Huawei's Bid To Sell Mobile Unit Stalls

The company cited deteriorating financial market conditions as the reason for dropping the auction this week.

William Gardner

October 9, 2008

2 Min Read
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Huawei Technologies' latest attempt to improve its access in U.S. markets has stalled as the Chinese networking firm called off an auction to sell a major portion of its mobile devices operation.

The company on Wednesday cited deteriorating financial market conditions as the reason for dropping the auction this week.

By selling a major piece of its mobile devices unit to a U.S. partner, Huawei's ability to sell in U.S markets would be greatly enhanced.

There were two reported preliminary bidders, including Bain Capital Partners LLC, which has long been involved in transactions with Huawei and U.S. partner 3Com. The second interested bidder was Silver Lake.

In a statement, Huawei was cautious about its strategy. "While international investors exhibited strong interest in the business, Huawei believes that given current global market conditions and prevailing economic uncertainty the interests of the company are best served by postponing the sale process," the company said, adding that it is "fully committed" to the business and will continue to fund it as needed.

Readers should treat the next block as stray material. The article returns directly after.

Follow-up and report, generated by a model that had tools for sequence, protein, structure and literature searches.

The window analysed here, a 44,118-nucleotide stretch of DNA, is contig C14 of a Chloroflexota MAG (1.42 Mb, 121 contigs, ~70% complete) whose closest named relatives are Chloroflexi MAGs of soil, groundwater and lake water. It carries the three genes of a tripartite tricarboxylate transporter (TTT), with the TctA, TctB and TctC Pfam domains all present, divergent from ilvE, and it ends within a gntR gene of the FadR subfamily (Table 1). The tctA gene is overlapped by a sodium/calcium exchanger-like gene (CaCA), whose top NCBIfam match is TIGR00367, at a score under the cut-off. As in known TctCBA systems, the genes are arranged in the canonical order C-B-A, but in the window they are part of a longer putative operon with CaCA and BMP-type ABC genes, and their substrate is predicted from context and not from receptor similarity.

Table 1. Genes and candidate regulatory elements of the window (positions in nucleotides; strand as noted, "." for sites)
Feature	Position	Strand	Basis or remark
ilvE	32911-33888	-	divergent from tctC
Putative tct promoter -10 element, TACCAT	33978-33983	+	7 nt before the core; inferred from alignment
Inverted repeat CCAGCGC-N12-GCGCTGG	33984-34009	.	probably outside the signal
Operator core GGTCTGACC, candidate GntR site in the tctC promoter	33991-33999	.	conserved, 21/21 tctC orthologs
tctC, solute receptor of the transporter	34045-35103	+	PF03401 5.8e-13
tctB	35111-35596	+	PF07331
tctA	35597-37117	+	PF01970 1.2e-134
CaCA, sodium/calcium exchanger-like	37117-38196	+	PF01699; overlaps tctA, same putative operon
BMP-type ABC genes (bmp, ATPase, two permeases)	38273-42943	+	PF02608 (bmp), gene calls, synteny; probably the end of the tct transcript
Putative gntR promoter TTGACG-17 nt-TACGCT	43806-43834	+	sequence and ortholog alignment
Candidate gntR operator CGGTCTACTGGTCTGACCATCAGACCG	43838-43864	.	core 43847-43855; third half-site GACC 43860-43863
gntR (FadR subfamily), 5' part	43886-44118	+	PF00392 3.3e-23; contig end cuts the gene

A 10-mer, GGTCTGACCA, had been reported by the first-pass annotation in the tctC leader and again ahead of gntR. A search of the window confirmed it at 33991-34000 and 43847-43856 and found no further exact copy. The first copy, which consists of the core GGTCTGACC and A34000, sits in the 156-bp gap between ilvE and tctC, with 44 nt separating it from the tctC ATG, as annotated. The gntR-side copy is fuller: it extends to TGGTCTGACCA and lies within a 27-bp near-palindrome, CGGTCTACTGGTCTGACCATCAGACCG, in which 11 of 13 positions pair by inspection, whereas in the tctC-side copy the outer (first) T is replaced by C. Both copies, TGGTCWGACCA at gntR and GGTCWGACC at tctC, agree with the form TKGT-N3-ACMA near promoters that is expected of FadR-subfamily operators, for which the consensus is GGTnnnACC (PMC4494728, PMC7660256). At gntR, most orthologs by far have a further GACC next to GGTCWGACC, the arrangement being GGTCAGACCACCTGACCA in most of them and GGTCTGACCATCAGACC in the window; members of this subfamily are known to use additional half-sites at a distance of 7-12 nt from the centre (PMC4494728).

The Huawei mobile devices unit primarily provides handsets, home routers, and PC cards; about one-half of the operation was earmarked for sale in the auction. Media reports said early bids had valued the entire unit at around $4 billion.

Huawei has long had a partnership with 3Com, which markets some Huawei networking products. An attempt earlier this year whereby Huawei and Bain would purchase 3Com failed when U.S. government agencies nixed the deal, reportedly over fears that 3Com's Tipping Point intrusion-prevention systems unit could have been compromised. The deal collapsed even though 3Com had given assurance that Tipping Point would be spun off as an arm's length separate operation.

In announcing the cancellation of the auction Wednesday, Huawei indicated the auction could restart if and when financial conditions improve. The company said it "will continue to monitor market conditions and may in the future resume the sale process."

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